We finished, we packed up, we headed to the Radisson for please-don’t-make-me-leave-and-take-the-train drinks. Apparently it takes less than 48 hours to turn total strangers into whispering, tactile confidantes. Friday’s sound and fury had been replaced by the gentle hum of conversation between people who were either too relaxed or too exhausted to put on a front.
Only one real fear remained. I saw it spread slowly across the faces of the first-timers, and writ large on those who knew exactly what to expect. One fear.
I flew back to Warsaw a couple of days after Eroticon 2014. I thought I’d be fine. I was wrong. I took a taxi home from the airport and slouched listlessly into my apartment, where I barely made it to the sofa before flopping down and closing my eyes, ready to hibernate.
It’s sensory overload. All the people, all the ideas, all that fucking awesome sense of belonging – it’s so much more than I’ve been trained to expect from life – because how often do any of us find that sort of openness and warmth in our day-to-day existence?
The Drop is that transition from a weekend of pure Oxygen to the long straight road of normal, CO2 reality. Everyone who attended Eroticon will go through it over the next few days, and most will handle it in their own tried and trusted way.
Most is not all though. I got on the train pumped up to write a super-generic “hey newbies, why not go for long walks in the fresh air and make sure you do lots of writing” blog post…until I realised that would be patronising as fuck. Experience aside, what we should all be doing is getting out there and spreading the word. Don’t wallow – fucking preach about this.
Be shameless in your advocacy. Evangelical. Zealous.
Most of all, pay it forward.
Form a writing group. Put together an anthology. Start a publishing company.
Collaborate with writers you know, writers you’ve just met, and writers who are still lurking in the shadows – who maybe don’t yet even know that they are writers. Do blog hops and blog swaps. Read your work in public. Read other people’s. Spread the word(s).
Set aside cynicism or caution and tell all your blogger mates how awesome this weekend was – tell them again and again till they physically show you the ticket they just bought for next year’s Con.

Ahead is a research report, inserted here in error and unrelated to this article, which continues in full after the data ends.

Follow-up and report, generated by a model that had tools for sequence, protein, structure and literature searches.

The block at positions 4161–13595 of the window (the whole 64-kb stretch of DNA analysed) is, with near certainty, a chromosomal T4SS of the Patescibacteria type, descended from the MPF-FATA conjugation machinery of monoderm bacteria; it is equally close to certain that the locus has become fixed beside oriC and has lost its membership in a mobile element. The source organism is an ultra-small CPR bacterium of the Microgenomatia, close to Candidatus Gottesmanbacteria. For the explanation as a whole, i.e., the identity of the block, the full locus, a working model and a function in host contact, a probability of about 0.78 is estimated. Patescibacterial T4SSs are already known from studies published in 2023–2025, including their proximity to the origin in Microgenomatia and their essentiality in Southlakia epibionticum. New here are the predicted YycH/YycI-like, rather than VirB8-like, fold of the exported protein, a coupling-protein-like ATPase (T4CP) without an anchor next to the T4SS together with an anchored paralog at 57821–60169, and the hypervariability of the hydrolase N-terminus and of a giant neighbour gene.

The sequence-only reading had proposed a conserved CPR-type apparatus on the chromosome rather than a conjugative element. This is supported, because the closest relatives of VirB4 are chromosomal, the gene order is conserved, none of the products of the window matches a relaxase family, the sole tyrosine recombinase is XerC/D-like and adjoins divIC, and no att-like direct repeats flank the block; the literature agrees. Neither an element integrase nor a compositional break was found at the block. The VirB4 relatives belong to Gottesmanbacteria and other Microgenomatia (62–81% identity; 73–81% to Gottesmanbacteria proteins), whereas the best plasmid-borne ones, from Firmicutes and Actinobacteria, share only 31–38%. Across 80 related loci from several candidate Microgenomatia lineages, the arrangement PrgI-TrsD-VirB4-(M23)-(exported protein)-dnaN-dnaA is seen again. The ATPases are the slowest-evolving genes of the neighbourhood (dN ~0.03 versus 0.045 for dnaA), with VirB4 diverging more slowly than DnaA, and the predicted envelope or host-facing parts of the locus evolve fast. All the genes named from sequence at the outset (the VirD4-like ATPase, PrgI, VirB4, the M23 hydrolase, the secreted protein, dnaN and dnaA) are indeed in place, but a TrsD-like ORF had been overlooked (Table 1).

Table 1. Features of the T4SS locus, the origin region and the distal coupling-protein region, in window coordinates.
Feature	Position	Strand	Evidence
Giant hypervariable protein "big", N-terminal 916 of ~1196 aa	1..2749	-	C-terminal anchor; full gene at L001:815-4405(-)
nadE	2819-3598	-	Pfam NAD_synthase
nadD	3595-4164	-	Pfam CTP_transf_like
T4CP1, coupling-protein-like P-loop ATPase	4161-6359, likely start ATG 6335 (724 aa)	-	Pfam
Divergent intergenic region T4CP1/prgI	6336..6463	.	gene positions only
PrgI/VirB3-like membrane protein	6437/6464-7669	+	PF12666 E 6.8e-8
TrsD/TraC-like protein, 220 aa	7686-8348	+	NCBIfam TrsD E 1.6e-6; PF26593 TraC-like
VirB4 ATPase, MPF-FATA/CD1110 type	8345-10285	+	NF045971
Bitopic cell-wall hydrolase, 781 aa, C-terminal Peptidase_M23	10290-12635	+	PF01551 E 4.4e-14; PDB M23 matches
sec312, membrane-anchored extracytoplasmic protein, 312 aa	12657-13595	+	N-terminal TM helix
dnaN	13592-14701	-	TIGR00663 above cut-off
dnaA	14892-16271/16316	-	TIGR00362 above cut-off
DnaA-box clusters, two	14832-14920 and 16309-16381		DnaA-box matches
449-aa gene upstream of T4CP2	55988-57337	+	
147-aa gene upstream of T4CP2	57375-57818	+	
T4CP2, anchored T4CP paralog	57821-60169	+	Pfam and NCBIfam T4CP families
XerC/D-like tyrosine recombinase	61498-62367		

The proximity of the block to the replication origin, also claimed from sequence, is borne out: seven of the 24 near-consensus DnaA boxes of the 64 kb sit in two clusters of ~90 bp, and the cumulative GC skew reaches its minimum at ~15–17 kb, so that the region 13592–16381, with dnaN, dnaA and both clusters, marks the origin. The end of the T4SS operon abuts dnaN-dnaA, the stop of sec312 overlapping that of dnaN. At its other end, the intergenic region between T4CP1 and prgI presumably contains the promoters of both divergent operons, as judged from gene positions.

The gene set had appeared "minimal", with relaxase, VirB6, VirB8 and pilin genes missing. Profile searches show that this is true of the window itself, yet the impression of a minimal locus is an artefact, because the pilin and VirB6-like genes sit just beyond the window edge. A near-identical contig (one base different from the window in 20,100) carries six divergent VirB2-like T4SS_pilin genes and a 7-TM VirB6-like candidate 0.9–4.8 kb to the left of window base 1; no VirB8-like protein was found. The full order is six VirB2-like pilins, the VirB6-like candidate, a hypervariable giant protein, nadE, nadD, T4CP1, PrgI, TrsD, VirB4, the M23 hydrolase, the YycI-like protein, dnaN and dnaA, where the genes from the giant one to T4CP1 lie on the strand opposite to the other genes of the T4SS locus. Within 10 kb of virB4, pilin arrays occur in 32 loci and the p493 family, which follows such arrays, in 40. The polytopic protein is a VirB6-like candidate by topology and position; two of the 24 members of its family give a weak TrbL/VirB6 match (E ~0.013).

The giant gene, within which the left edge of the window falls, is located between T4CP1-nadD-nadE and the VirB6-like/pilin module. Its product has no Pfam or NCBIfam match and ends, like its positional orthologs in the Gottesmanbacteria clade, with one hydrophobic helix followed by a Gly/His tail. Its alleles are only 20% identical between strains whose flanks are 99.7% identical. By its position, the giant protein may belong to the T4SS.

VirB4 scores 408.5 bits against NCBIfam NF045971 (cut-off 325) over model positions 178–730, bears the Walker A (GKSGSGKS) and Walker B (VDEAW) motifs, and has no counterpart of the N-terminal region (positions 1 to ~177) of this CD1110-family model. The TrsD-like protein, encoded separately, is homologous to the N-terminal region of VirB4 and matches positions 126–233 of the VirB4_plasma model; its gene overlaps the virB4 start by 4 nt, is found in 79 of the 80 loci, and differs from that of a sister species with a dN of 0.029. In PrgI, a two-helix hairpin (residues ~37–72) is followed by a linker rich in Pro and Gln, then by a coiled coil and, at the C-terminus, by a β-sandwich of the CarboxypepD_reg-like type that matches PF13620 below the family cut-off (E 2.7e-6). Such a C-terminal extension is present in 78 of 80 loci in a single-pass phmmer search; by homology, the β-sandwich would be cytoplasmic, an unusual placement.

Don’t stop having ideas for how to make this even better, but more importantly, don’t keep those ideas to yourself. Think you know how to add some extra awesome? Tell Ruby. Think you know how to turn a decent profit. Tell Ruby that too.
Almost by its very nature, momentum doesn’t last forever. There’s a window. We all sat there this afternoon and cheered Ruby to the rafters, but it’s only by channelling that energy and enthusiasm that we’ll pick her up on our shoulders and help to make next year even better. Passive support isn’t good enough – there is no try!
And you know what? If you didn’t come this year, do something about that! Tickets are not cheap-cheap, but compared to any other conference they’re not expensive either. £150. $250. It’s less than a pint a week. If you have to fly, book early, or use miles, or sell an organ…just take the plunge. Share a hotel room. Use AirBnB. Kip on people’s floors. If there’s one thing I’ve learned at Eroticon it’s that there’s so much more generosity and kindness out there than we’re programmed to ask for, and that far too much of it falls down the cracks as a result.
Grab onto that generosity!
Kiss the kindness!
Come if you can, because coming is fucking awesome.
Eroticon is not a once-in-a-lifetime experience – it’s an oh-my-god-I’ve-done-this-once-and-I-need-to-do-it-again-and-again experience. Those are the best. Let’s make sure even more people get to taste that in 2016.